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Paperback The Way the Crow Flies Book

ISBN: 0676974090

ISBN13: 9780676974096

The Way the Crow Flies

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Format: Paperback

Condition: Like New


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Book Overview

"One of the finest novels I've read . . . .a fiercely intelligent look at childhood, marriage, families, the 1960s, the Cold War and the fear and isolation that are part of the human condition.... it... This description may be from another edition of this product.

Customer Reviews

5 ratings

A Canadian Tolstoy

I don't read much fiction, preferring nonfiction because of its generally closer connection to the real world. I want to learn about the way things really are, and I just don't see the point of reading a lot of crap that people have dreamed up in order to be cool or clever or that will look good on the big screen after the movie rights are sold. Many of the novels I read are programmatic, transparently plotted, implausible, mannered...all sorts of dismaying faults that are so glaring to me I can't believe other people tolerate them.From this book, however, it is possible to learn about realities: of the human soul, the psyche, ethics and morals, the crossed stars of differing outlooks, the failure of simplified rules of conduct, the tragedy of missed signs and mixed signals, and the random, remorseless absence of justice in the world. There is so much that is so deeply perceived in this book that I was amazed. I consider myself a pretty fair writer, but I could write for a thousand years and never create a book as good as this. The plot is intricate, beautifully so, but in the best way--it unfolds with a seeming randomness, turning both on large events and small ones and accidental congruences between the two in a way that seems unpredictable, uncharted, natural. Apart from just a few compressions and conveniences for the sake of comprehendability, the plot is unusually believable. But unlike fiction where the action truly IS random, and thus purposeless, there is a concerted story here, meanings that lie in the unfoldings of events. Beneath its superficial appearance of being just another chatty modern book with the helpful label "A Novel" on the dust jacket, The Way The Crow Flies is tragedy in an ancient sense. It's about lies, concealments, perversions, flaws of character; if you have never pondered seriously on the subject of ethics and morals, good and evil, the dilemmas and concequences upon which this story centers will have little meaning for you. I read a professional, published(!) review in which the reviewer said, in exasperation, that the book is "about a murder, after all," and the author should just stop talking and tell us who did it! I think this illustrates the exact wrong way to approach this book. The fact that the most serious event in the book is a murder (two, actually), and the author waits until the end to reveal the criminal, is the ONLY commonality that this novel has with the genre of the "thriller," the murder-mystery-detective-drama that has such well-established conventions and such an avid fan base. This plot is not complicated in order to better hide the clues as you follow along trying to figure out fact, I think I could even argue that whodunnit is more or less incidental to the story, except in a couple of dimensions that don't have much at all to do with crime and punishment. (For those of you who have read the book, consider what the author actually tells us near the end about the actual instig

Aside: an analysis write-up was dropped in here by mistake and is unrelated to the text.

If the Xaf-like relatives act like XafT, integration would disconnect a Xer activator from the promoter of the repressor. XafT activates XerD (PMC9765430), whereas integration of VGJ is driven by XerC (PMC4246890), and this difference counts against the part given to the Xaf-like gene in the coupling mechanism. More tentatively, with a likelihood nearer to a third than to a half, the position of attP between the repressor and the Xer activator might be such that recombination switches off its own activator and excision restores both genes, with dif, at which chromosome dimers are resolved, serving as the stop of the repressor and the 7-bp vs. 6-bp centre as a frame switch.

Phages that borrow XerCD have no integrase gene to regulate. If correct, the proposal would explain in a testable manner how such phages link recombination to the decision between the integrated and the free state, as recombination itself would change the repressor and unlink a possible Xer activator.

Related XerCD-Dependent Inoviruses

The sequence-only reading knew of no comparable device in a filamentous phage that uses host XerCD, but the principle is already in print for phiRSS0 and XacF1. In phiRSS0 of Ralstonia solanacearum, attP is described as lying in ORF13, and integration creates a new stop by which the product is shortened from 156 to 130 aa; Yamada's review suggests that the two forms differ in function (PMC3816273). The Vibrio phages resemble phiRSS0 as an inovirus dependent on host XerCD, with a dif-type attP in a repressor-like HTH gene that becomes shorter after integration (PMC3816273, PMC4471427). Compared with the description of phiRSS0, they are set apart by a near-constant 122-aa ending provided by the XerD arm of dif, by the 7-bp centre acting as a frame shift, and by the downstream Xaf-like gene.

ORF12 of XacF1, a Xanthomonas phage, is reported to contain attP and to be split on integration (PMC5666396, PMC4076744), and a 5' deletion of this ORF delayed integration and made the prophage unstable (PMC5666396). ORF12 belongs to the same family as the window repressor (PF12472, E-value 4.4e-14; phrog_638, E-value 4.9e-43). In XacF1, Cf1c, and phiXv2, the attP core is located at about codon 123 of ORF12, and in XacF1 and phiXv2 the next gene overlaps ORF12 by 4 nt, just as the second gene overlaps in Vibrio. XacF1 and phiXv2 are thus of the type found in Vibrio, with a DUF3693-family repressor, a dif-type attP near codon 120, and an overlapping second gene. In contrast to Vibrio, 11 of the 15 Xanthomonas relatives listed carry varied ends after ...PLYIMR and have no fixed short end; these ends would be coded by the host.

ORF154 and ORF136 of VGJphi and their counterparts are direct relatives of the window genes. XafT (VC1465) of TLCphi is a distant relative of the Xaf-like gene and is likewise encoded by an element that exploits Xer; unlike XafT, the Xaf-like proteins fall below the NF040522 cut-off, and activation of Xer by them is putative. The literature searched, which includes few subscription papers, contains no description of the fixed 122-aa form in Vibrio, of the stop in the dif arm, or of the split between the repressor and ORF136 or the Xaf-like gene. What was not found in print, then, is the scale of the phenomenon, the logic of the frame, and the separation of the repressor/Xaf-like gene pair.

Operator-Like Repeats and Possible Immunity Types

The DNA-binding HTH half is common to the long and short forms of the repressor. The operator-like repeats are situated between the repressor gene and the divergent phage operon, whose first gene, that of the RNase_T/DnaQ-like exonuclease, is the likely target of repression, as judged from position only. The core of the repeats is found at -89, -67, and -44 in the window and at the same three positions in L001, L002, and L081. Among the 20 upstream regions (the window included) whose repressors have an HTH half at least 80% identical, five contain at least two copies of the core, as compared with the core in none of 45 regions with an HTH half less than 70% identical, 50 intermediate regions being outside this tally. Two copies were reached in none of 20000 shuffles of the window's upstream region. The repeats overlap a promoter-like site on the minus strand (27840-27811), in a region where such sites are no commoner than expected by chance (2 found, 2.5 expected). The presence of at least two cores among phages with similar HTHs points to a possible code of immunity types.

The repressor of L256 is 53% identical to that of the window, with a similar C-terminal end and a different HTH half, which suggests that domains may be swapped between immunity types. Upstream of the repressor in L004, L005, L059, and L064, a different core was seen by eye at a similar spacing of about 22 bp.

MacDonald's done it again!